It’s the long weekend! Whether or not you plan on setting off some fireworks to celebrate the Fourth of July, it’ll be good to relax a bit. Before you shut down, let’s revisit some of the week’s big tech stories you might have missed, including Facebook dodging an FTC antitrust complaint and Apple making it clear that employees are coming back to the office.
Apple Pushes Back Against Full-Time Remote Work
Some of Apple’s employees don’t want to go back to work.
Technically, that’s not true—they want to keep working for the tech giant, but they want to do so from home, without ever needing to come into the actual office. “That Apple’s remote/location-flexible work policy, and the communication around it, have already forced some of our colleagues to quit,” they wrote in a June letter to the company’s executivesafter Apple CEO Tim Cook announced plans to bring employees back to the physical office. “Without the inclusivity that flexibility brings, many of us feel we have to choose between either a combination of our families, our well-being, and being empowered to do our best work, or being a part of Apple.”
In this instance, “flexible” means the option for full-time remote work. However, Apple shows little signs of budging from its announced plans to have the majority of employees return to the office three days per week. Now Apple’s executives have responded to those employees’ request for a full-time remote-work option—and the answer is a pretty firm “no.”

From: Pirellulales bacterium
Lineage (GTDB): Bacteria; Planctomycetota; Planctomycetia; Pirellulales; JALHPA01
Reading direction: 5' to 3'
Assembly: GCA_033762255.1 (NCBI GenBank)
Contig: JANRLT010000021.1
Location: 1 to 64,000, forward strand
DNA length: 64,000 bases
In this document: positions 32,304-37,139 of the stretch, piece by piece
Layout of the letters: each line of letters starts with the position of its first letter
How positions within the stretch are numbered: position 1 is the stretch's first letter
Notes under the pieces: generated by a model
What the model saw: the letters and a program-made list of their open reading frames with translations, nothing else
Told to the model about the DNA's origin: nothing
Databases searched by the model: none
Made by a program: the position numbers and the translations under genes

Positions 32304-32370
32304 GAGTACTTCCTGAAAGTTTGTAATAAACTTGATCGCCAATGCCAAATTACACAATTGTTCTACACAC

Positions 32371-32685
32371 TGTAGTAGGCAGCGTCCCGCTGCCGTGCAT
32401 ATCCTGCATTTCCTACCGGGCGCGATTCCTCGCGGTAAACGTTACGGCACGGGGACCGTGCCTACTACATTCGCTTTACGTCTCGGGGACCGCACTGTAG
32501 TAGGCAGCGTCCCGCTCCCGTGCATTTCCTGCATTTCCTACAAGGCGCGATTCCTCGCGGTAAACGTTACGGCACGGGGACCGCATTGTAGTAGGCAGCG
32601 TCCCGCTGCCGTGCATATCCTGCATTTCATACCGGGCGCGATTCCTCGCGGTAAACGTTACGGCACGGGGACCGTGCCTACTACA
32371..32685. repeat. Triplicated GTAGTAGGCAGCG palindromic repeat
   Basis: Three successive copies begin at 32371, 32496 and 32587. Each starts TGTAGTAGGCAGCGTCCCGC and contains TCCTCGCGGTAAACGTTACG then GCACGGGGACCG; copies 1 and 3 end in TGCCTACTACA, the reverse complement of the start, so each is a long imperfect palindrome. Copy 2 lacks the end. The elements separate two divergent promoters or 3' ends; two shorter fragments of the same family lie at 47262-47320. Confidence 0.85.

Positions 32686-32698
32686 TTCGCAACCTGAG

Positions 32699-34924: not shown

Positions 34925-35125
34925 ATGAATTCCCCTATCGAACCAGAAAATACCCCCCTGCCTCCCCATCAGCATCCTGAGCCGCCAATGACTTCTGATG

“We believe that in-person collaboration is essential to our culture and our future,” Deirdre O’Brien, senior vice president of retail and people, said in a video recording obtained by The Verge. “If we take a moment to reflect on our unbelievable product launches this past year, the products and the launch execution were built upon the base of years of work that we did when we were all together in-person.”
The largest tech companies have been undergoing quite a bit of adjustment with regard to remote and hybrid work. Uber, for example, just readjusted its policies to allow employees to work remotely half the time. As technologists make it clear they don’t want to go back to the office five days per week, companies need to consider whether their current policies will drive some of those technologists into the arms of competitors with more flexible work schedules.
Facebook Dodges Antitrust Bullet
The federal government’s antitrust case against Facebook has crashed and burned, with a U.S. District Court dismissing the FTC’s claims that the tech giant has a monopoly on social networking. “The FTC has failed to plead enough facts to plausibly establish a necessary element of all of its Section 2 claims —namely, that Facebook has monopoly power in the market for Personal Social Networking (PSN) Services,” U.S. District Judge James E. Boasberg of the District of Columbia wrote in his decision.
The FTC could amend its complaint and re-submit, but for now, it’s a clear victory for Facebook, which would dearly like to keep subsidiary brands such as Instagram under its corporate umbrella. After the ruling was announced, the value of Facebook shares jumped, with the company’s market capitalization surpassing $1 trillion.
Wally Funk Heads to Space
In 1961, professional aviator Mary Wallace “Wally” Funk was invited into a “Women in Space” program, joining 12 other women pilots in a group known as the “Mercury 13.” Although she scored well, the program was canceled, and she never had the opportunity to go into space.
Now Funk is getting a chance to launch to orbit on the first Blue Origin rocket liftoff, along with Amazon (and Blue Origin CEO) Jeff Bezos. We’re excited to have you fly with us on July 20th as our honored guest,” Bezos wrote in an Instagram post. For Funk, it’s a lifelong dream realized.
Have a great weekend, everyone!